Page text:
Exhibitions: Russell Drisch: Gateway

  • 1st Floor
    Arts of Africa, Steinberg Family Sculpture Garden
  • 2nd Floor
    Arts of Asia and the Islamic World
  • 3rd Floor
    Egyptian Art, European Paintings
  • 4th Floor
    Contemporary Art, Decorative Arts, Elizabeth A. Sackler Center for Feminist Art
  • 5th Floor
    Luce Center for American Art

Hiroshige's One Hundred Famous Views of Edo

Hiroshige's 118 woodblock landscape and genre scenes of mid-nineteenth-century Tokyo, is one of the greatest achievements of Japanese art.

    On View: Landscape

    This quiet, enclosed landscape subject, very likely set in the Catskills or Adirondacks, represents the direction in which Asher B. Durand h...

    Want to add this object to a set? Please join the Posse, or log in.


    PSC_E1989i006.jpg PSC_E1989i002.jpg PSC_E1989i001.jpg PSC_E1989i003.jpg

    Russell Drisch: Gateway

    Press Releases ?
    • March 1989: The Brooklyn Museum’s Grand Lobby installation features a large triptych mural by the contemporary American artist Russell Drisch. The work, intended as a homage to spring, measures 20 feet by 60 feet and is entitled Gateway. Its central image is of a walkway leading through a garden bower to a distant gate which comprises 36 separate panels. Based on a black and white photograph, each panel is modified with the application of color -- deep blues, greens, blue-greens, aquamarine, and yellows. The installation opened March 9 and will be on view through May 22, 1989.

      Russell Drisch, a Brooklyn artist, was born in 1944 in Rock Island, Illinois. He trained in the theater, and is self-taught in photography. His work first began to draw attention in the early seventies, and since then he has had a number of important solo exhibitions in museums in the United States.

      The installation was coordinated by Laural Weintraub, Assistant Curator of Contemporary Art at the Museum. It was made possible, in part, by a grant from the National Endowment for the Arts, a federal agency. In addition, it received generous support from Mr. and Mrs. Armand J. Castellani, Mr. and Mrs. Maxwell Davidson III, Marianne Friedland, Myron and Bonnie Gottlieb, Mr. and Mrs. Frederic K. Houston, and other donors, and from the BACA Mural Project.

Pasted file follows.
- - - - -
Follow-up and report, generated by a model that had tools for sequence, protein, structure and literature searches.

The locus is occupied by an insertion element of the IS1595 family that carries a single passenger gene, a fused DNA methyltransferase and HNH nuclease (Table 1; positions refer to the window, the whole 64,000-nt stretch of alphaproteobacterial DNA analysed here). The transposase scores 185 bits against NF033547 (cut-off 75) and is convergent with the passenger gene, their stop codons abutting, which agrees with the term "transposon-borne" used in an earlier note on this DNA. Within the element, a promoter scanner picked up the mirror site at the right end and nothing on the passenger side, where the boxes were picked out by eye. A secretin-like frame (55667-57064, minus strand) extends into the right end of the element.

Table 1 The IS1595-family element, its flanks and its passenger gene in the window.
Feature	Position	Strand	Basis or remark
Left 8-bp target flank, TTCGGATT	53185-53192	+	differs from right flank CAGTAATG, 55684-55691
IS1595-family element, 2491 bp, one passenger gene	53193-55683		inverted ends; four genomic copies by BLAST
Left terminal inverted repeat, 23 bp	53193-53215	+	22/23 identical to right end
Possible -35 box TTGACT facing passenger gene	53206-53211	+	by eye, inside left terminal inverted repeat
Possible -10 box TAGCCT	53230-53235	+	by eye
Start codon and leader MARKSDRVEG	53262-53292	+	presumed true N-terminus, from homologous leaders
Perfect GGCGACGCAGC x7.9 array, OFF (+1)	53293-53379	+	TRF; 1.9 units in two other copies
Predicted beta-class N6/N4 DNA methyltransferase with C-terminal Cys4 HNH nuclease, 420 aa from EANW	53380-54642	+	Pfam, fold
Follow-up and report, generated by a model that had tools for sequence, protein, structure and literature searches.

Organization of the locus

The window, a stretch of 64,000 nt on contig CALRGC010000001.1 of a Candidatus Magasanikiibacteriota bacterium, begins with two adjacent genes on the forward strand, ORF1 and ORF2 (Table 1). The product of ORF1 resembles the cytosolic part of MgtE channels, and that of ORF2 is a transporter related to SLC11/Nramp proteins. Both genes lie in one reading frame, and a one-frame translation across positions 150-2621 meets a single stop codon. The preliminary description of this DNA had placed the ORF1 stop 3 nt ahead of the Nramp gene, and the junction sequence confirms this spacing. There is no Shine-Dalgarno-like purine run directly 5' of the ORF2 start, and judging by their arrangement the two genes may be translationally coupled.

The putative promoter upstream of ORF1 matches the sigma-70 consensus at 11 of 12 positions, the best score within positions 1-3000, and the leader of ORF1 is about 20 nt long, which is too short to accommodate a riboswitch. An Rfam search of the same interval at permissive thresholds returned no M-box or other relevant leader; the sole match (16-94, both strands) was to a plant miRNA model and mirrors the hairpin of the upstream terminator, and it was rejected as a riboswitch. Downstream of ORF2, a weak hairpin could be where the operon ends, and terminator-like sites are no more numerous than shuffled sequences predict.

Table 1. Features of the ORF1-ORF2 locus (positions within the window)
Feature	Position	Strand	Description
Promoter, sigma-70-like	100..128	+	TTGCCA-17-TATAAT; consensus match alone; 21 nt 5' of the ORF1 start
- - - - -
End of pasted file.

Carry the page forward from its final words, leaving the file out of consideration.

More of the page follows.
Brooklyn Museum Archives. Records of the Department of Public Information. Press releases, 1989 - 1994. 1989, 035. View Original

    advanced 110,573 records currently online.

    Separate each tag with a space: painting portrait.

    Or join words together in one tag by using double quotes: "Brooklyn Museum."

    Recently Tagged Exhibitions

    Recent Comments

    "Hi Aimee, I think you mean Oreet Ashery? More information can be found in her profile on the Feminist Art Base: http://www.brooklynmuseum.org/eascfa/feminist_art_base/gallery/oreet_ashery.php?i=266"
    By shelley

    "Hi, I am trying to find the name of the artist who took and is in the photograph that follows- http://www.brooklynmuseum.org/opencollection/exhibitions/664/Global_Feminisms_Remix/image/216/Global_Feminisms_Remix._%7C08032007_-_03032008%7C._Installation_view. I believe the artist takes pictures of herself dressed as a man but then exposes her femaleness, as in the photo of her dressed as an Ascetic Jew exposing her breast. Can you help me find her information? Thanks in advance- Aimee Record"
    By Aimee Record

    "For more information on Louis Schanker and the New York Art Scene of the mid 1900's go to http://www.LouisSchanker.info "
    By Lou Siegel

    Join the posse or log in to work with our collections. Your tags, comments and favorites will display with your attribution.

    The Brooklyn Museum Archives maintains a collection of historical press releases. Many of these have been scanned and made available on our Web site. The releases range from brief announcements to extensive articles; images of the original releases have been included for your reference. Please note that all the original typographical elements, including occasional errors, have been retained. Releases may also contain errors as a result of the scanning process. We welcome your feedback about corrections.
    For select exhibitions, we have made available some or all of the informative text panels written by the curator or organizer. Called "didactics," these panels are presented to the public during the exhibition's run, and we reproduce them here for your reference and archival interest. Please note that any illustrations on the original didactics have not been retained, and that the text may contain errors as a result of the scanning process. We welcome your feedback about corrections.
    For select exhibitions, we have made available some or all of the objects from the Brooklyn Museum collection that were in the installation. These objects are listed here for your reference and archival interest, but the list may be incomplete and does not contain objects owned by other institutions or lenders.
    This section utilizes the New York Times API in order to display related materials in New York Times publications.